David T. Barnard, currently chief operating officer of an information technology company and formerly president and vice-chancellor of the University of Regina, has been named the 11th president and vice-chancellor of the University of Manitoba.
The University of Manitoba Board of Governors approved Barnard’s appointment on Nov. 29 and publicly announced it on Nov. 30. The appointment is effective July 1, 2008 for a five-year term.
"When the search first began for the 11th president and vice-chancellor of the University of Manitoba, the search committee only dreamed of finding an individual combining such impeccable attributes and qualifications," said Terry Sargeant, chair of the Board of Governors. "After a consultative and comprehensive search process, the University of Manitoba is fortunate to have found someone as ideally suited for the position as Dr. David Barnard. He will serve as an excellent champion of this institution – locally, nationally and internationally."
A respected scholar, educator and administrator, Barnard studied computer science at the University of Toronto (BSc, MSc, PhD) before joining the faculty of Queen’s University. During his time there he held a number of administrative roles (director of computing and communications services, head of computing and information science, associate vice-principal) and also studied theology at Regent College at the University of British Columbia (DipCS). He then moved to the University of Regina, first as vice-president (administration) and then as president (1998-2005) during a period of significant change and growth.
"I am delighted to be joining a post-secondary institution as respected around the world as the University of Manitoba," Barnard said.
"Institutions of higher learning, particularly research-intensive universities like the University of Manitoba, play a central and indispensable role in society and the world. I look forward to serving as president of the University of Manitoba as we build an exciting future.
"Universities have a complicated role," Barnard added. "They have a conservative role to play, in that they are charged with passing on our accumulated intellectual heritage. But at the same time we keep asking if we really know the truth; through our research we take a radical questioning attitude. Finally, we need to take what we know and make it relevant to the society around us; that’s our public service role.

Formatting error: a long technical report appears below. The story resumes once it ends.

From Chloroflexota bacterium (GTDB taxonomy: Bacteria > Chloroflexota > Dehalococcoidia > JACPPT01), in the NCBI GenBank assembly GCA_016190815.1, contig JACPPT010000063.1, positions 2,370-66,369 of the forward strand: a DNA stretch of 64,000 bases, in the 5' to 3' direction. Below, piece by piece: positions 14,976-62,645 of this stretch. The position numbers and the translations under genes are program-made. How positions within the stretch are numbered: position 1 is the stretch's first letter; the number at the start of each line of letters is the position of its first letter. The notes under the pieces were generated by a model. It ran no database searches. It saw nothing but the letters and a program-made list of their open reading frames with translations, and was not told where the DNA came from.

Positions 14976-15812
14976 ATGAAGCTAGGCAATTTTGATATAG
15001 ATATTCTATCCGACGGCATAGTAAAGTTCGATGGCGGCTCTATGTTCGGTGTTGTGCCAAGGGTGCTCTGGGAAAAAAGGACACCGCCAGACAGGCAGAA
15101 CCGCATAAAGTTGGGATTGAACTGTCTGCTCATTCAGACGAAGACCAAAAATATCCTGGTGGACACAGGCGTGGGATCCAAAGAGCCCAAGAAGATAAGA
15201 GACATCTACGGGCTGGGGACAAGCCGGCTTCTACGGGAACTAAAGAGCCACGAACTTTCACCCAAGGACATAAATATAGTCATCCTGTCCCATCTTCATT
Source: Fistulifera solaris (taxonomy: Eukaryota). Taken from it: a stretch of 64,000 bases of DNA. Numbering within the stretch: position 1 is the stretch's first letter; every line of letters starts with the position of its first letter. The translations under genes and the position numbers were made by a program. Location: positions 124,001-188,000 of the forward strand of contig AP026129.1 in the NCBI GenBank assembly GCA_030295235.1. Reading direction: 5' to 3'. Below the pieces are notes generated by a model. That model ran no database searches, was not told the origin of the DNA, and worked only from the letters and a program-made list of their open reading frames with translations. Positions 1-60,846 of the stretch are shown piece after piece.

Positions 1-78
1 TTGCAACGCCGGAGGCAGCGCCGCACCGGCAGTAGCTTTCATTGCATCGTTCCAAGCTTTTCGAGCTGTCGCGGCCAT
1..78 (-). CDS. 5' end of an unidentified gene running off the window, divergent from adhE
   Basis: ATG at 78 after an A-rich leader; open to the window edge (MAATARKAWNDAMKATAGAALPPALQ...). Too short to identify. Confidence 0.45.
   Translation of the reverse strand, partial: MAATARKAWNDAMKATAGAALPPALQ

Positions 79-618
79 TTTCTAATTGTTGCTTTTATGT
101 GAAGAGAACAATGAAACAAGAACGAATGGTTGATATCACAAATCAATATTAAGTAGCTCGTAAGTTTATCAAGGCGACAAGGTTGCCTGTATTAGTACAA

"All of this makes for complex institutions."
But the joy of the university experience is that when all the varied people carrying out those diverse tasks operate together in harmony they can have a profound impact on the world, Barnard said.
Barnard serves on the Board of Greystone Managed Investments, the Provincial Court Commission of Saskatchewan (chair), the Saskatchewan Arts Board (vice-chair), the board of the Regina Regional Economic Development Authority and the board of the Canada West Foundation. He has previously served as lead director on the Board of the Bank of Canada, chair of the Minister’s Advisory Council on Information Technology and the board of SaskPower, and as a member of several other community boards.
"It is my great pleasure to welcome Dr. Barnard to the University of Manitoba," said Bill Norrie, Chancellor of the University of Manitoba. "There have been just 10 presidents in our 130-year history. The influence of those leaders, during their tenure and beyond, has had a significant impact on the university, its students and its faculty. I know Dr. Barnard will continue the University of Manitoba’s tradition of excellence and innovation."
President Emke Szathmáry will complete 12 distinguished years of service as the 10th president and vice-chancellor of the University of Manitoba on June 30, 2008. She was happy to welcome Barnard to the province.
"Winnipeg is a great place to be and the University of Manitoba, the first university in Western Canada, is the best university to lead," Szathmáry said. She has known Barnard for ten years and said he has proven himself as an academic leader with a unique blend of the sciences and the arts.
While he comes to the University of Manitoba from an IT company, Barnard’s academic roots in theology have also been flexed with the publication of With Skilful Hand: The Story of King David in 2004.
The recommendation for the appointment of Barnard was made by a 14-member search committee chaired by Terry Sargeant. The committee included members of the Board of Governors and Senate, including academic staff, support staff, students and community members.